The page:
FIG. 2B illustrates processing device view 220, which is another user interface example an exemplary collaborative team environment executing on a computing device (as referenced herein). Processing device view 220 illustrates an exemplary message thread 222 being accessed within the collaborative team environment. As can be seen in processing device view 220, a user enters a message input 224 into a message entry field of the message thread 222. For instance, the user (e.g. writer) provides input that comprises delimiting symbols (e.g. { } and related character input “wet”) in addition to delimiting symbols that direct the communication to specific users (e.g. @John and @Mark) in a context of a discussion a product release. An exemplary real-time visualization 226 is generated for the message input. As can be seen in processing device view 220, the real-time visualization 226 comprises: information for the mentioned users (e.g. John & Mark), data analytics regarding analyze of previous correspondence and interaction with the individual users, identification of a last messages within the message thread 222, identification of last one-on-one correspondence with the respective users and contextual suggestions that comprise message complementary information (e.g. related to the product release) as well as translation detection for a French word “wet”. The real-time visualization 226 is displayed prominently for the user and does not obstruct the message input 204 or message entry field within the message thread 222.

FIGS. 3-5 and the associated descriptions provide a discussion of a variety of operating environments in which examples of the invention may be practiced. However, the devices and systems illustrated and discussed with respect to FIGS. 3-5 are for purposes of example and illustration and are not limiting of a vast number of computing device configurations that may be utilized for practicing examples of the invention, described herein.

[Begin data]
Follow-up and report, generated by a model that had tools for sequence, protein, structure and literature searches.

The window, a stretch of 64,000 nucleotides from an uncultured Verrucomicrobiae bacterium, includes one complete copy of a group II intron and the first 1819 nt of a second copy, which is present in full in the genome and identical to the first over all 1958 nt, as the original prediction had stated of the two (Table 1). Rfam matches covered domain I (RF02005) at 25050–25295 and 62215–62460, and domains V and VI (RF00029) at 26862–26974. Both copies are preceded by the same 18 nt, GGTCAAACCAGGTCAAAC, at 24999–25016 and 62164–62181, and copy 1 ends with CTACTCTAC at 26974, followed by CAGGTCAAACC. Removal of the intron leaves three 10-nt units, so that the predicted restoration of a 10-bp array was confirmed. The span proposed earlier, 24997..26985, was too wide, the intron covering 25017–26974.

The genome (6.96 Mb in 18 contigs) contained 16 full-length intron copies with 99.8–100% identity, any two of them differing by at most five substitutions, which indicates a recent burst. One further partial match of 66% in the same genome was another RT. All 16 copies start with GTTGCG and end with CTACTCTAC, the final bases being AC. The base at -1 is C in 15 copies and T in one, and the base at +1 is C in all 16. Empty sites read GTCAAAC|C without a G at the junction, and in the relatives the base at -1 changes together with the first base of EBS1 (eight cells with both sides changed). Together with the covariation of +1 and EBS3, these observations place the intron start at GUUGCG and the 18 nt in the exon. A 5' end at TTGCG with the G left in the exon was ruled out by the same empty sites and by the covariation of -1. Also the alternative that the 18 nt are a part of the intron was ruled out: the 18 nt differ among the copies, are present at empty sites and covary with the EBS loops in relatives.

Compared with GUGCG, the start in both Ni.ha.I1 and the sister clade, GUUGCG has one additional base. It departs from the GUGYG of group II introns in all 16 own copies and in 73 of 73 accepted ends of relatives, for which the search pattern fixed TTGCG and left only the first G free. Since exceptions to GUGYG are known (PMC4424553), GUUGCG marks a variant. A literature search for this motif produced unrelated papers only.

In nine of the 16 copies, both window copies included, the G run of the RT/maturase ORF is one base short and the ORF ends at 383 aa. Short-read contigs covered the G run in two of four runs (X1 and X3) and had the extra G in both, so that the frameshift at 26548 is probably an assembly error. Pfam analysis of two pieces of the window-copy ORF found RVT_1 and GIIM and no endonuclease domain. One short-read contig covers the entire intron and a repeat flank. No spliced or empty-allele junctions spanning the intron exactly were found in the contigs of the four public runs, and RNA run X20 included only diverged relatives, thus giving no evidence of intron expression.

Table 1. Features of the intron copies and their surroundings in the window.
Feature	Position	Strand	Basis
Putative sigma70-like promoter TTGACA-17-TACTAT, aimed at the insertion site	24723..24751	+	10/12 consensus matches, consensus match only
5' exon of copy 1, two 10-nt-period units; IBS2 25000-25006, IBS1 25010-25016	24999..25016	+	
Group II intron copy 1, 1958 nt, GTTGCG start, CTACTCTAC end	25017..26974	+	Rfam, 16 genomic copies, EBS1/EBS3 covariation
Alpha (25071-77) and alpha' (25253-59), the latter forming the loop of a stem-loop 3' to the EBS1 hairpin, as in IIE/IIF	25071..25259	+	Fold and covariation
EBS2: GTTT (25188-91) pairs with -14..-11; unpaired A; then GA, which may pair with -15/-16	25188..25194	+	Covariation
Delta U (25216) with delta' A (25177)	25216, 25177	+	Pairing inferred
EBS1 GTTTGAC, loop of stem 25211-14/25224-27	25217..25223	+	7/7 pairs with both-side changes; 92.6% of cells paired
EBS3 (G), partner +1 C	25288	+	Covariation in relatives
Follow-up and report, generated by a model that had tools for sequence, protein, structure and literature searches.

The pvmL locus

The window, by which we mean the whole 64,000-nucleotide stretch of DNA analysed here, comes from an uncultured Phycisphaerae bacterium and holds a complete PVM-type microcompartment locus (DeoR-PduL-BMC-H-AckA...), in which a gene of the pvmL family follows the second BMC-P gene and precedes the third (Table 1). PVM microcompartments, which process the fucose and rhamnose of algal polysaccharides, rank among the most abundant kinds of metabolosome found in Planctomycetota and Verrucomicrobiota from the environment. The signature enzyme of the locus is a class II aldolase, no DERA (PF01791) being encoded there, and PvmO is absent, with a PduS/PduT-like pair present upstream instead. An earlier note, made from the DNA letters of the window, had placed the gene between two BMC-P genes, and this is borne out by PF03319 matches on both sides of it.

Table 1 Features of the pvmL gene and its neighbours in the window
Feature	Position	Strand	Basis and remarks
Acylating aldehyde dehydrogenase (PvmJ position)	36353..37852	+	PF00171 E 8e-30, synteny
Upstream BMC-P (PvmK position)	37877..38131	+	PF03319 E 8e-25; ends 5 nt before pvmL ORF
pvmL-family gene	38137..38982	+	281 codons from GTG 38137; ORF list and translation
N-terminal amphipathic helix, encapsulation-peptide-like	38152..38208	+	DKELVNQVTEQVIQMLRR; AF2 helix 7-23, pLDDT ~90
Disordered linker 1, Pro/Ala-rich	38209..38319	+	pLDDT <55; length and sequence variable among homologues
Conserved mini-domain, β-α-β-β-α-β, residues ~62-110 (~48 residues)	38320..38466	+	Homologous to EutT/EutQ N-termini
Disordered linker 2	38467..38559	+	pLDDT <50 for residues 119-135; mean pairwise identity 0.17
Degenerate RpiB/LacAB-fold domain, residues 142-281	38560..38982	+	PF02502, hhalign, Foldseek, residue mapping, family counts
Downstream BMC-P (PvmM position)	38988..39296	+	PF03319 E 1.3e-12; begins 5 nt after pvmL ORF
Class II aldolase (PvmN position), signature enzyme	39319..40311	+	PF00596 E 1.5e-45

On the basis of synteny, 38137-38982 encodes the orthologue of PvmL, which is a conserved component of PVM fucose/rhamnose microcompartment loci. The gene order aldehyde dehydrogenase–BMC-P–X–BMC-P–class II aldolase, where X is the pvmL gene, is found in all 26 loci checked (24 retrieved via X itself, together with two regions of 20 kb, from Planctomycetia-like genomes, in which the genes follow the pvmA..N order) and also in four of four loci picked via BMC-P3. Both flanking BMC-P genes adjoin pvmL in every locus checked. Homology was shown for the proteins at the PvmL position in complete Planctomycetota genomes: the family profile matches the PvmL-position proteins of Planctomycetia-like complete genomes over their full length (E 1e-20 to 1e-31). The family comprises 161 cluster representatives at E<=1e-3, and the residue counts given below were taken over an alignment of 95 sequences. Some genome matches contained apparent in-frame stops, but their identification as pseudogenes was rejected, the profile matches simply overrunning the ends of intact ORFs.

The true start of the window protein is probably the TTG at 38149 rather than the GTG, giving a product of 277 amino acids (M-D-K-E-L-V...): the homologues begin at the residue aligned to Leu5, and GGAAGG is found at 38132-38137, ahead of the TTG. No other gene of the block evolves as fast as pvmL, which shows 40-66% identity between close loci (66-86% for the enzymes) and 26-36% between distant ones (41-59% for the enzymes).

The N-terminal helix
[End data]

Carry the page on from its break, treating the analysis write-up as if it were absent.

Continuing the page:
FIG. 3 is a block diagram illustrating physical components of a computing device 302, for example a mobile processing device, with which examples of the present disclosure may be practiced. Among other examples, computing device 302 may be an exemplary computing device configured for generation and management of exemplary real-time visualizations for context data as described herein. In a basic configuration, the computing device 302 may include at least one processing unit 304 and a system memory 306. Depending on the configuration and type of computing device, the system memory 306 may comprise, but is not limited to, volatile storage (e.g., random access memory), non-volatile storage (e.g., read-only memory), flash memory, or any combination of such memories. The system memory 306 may include an operating system 307 and one or more program modules 308 suitable for running software programs/modules 320 such as IO manager 324, other utility 326 and application 328. As examples, system memory 306 may store instructions for execution. Other examples of system memory 306 may store data associated with applications. The operating system 307, for example, may be suitable for controlling the operation of the computing device 302. Furthermore, examples of the invention may be practiced in conjunction with a graphics library, other operating systems, or any other application program and is not limited to any particular application or system. This basic configuration is illustrated in FIG. 3 by those components within a dashed line 322. The computing device 302 may have additional features or functionality. For example, the computing device 302 may also include additional data storage devices (removable and/or non-removable) such as, for example, magnetic disks, optical disks, or tape. Such additional storage is illustrated in FIG. 3 by a removable storage device 409 and a non-removable storage device 310.